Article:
I believe that no one is as they seem. On paper, my life is almost perfect. I’m school co-president, smart and have tons of friends. I’m a tall, thin blonde member of the “in” crowd, dating a boy who’s captain of both the varsity football and lacrosse teams. My parents are still married and I’ve never been in want of anything. To those who don’t know me, I live a fairy tale life. Those who really know me know that beneath the surface, my life is a little less enchanted.
At age 13, I came within a hair’s breadth of being hospitalized for attempted suicide. Three times total I’d tried and failed to take my own life. At first I settled on pills, but the bottle I’d chosen only made me extremely sleepy. The second time, I stood in the shower and held a razor to my neck, prepared to sever my carotid artery with the hope that the water would wash everything away so that my parents wouldn’t have to clean up after me. In the shower, I began to count to three. When I reached two, my sister walked in to find something, causing me to lose my nerve. I didn’t even get close to my goal on the third attempt. My dad found me sifting through his dresser drawers, searching for the small, silver key that would unlock his gun case. My dad wanted me to go to the hospital, but my mom convinced him seeing a therapist would be better.
The scariest part of my story is the fact that for over a year no one had any idea that I was in trouble. I was brilliant at hiding my problem. At night, with my family sleeping, I’d drip with sweat, biting a pillow to keep me from screaming aloud during my frequent panic attacks. I’d silence myself until I was exhausted, eventually falling asleep to the sound of my own gasping breaths. In the mornings I’d go to school and pretend to be fine. The same thoughts never stopped spinning in my mind: I wasn’t pretty enough, I was never going to make my parents proud like my sister, I was stupid, I was a waste of air and food. To put it simply, to me, my suicide was like my gift to the world.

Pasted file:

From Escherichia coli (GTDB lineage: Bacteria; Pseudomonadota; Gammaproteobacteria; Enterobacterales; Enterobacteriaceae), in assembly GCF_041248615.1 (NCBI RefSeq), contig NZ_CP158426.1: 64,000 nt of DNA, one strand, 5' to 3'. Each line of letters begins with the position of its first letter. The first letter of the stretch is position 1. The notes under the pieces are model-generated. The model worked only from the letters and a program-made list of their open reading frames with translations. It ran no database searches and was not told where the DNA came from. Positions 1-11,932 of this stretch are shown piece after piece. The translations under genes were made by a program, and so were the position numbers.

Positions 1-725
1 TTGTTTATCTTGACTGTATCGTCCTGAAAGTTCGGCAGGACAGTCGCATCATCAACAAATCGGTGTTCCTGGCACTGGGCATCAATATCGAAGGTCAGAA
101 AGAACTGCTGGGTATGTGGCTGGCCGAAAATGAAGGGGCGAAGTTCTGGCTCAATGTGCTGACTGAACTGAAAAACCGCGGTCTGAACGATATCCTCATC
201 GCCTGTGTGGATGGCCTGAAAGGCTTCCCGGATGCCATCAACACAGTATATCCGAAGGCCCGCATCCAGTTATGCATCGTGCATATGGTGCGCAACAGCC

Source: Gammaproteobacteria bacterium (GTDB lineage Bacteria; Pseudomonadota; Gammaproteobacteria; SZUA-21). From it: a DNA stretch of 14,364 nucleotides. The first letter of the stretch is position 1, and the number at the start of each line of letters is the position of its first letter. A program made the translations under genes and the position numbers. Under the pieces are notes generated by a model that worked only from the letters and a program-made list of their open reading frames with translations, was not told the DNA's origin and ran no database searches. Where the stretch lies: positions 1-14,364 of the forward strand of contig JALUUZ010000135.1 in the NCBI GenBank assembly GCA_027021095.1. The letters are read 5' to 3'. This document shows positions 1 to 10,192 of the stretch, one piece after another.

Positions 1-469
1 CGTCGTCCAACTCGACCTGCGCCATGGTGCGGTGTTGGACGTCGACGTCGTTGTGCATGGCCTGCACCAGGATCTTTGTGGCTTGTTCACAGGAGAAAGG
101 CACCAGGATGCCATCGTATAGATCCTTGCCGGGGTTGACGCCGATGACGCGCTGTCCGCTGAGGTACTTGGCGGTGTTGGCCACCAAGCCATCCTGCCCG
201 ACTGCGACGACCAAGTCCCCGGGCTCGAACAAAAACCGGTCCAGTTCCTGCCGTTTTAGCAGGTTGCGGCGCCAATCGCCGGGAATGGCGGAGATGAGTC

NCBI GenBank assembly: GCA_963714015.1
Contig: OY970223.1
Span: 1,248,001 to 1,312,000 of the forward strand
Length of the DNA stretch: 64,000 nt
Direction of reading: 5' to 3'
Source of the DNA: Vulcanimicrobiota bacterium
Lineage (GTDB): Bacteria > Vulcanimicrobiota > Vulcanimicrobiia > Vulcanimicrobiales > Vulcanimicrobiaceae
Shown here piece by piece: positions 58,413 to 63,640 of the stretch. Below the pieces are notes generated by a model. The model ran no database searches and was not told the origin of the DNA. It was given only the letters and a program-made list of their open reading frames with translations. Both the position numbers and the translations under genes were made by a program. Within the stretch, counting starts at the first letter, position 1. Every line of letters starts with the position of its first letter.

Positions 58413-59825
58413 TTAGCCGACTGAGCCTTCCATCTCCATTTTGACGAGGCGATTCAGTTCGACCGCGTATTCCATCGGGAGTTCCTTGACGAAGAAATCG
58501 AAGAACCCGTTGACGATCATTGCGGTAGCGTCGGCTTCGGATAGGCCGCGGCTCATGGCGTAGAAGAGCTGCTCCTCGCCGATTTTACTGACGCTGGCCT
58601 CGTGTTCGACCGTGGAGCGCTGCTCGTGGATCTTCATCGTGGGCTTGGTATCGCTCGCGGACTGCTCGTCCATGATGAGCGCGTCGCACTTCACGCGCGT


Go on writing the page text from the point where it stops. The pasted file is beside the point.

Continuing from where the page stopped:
Today my gift to the world is being alive to find the beauty in life, with every morning beginning with me taking anti-depression/anti-anxiety pills. For the first time in a long time, I’m happy. In some ways, I’m happy I went through what I did because its taught me not to take for granted what’s hidden in others. The quiet, shy boy with the glasses in math class could be the funniest kid you’ll ever meet, but you’d never know it by looking at him. The school sports hero could be insecure and scared. Beneath every surface, a unique and amazing story hides. I believe in trying to find it.
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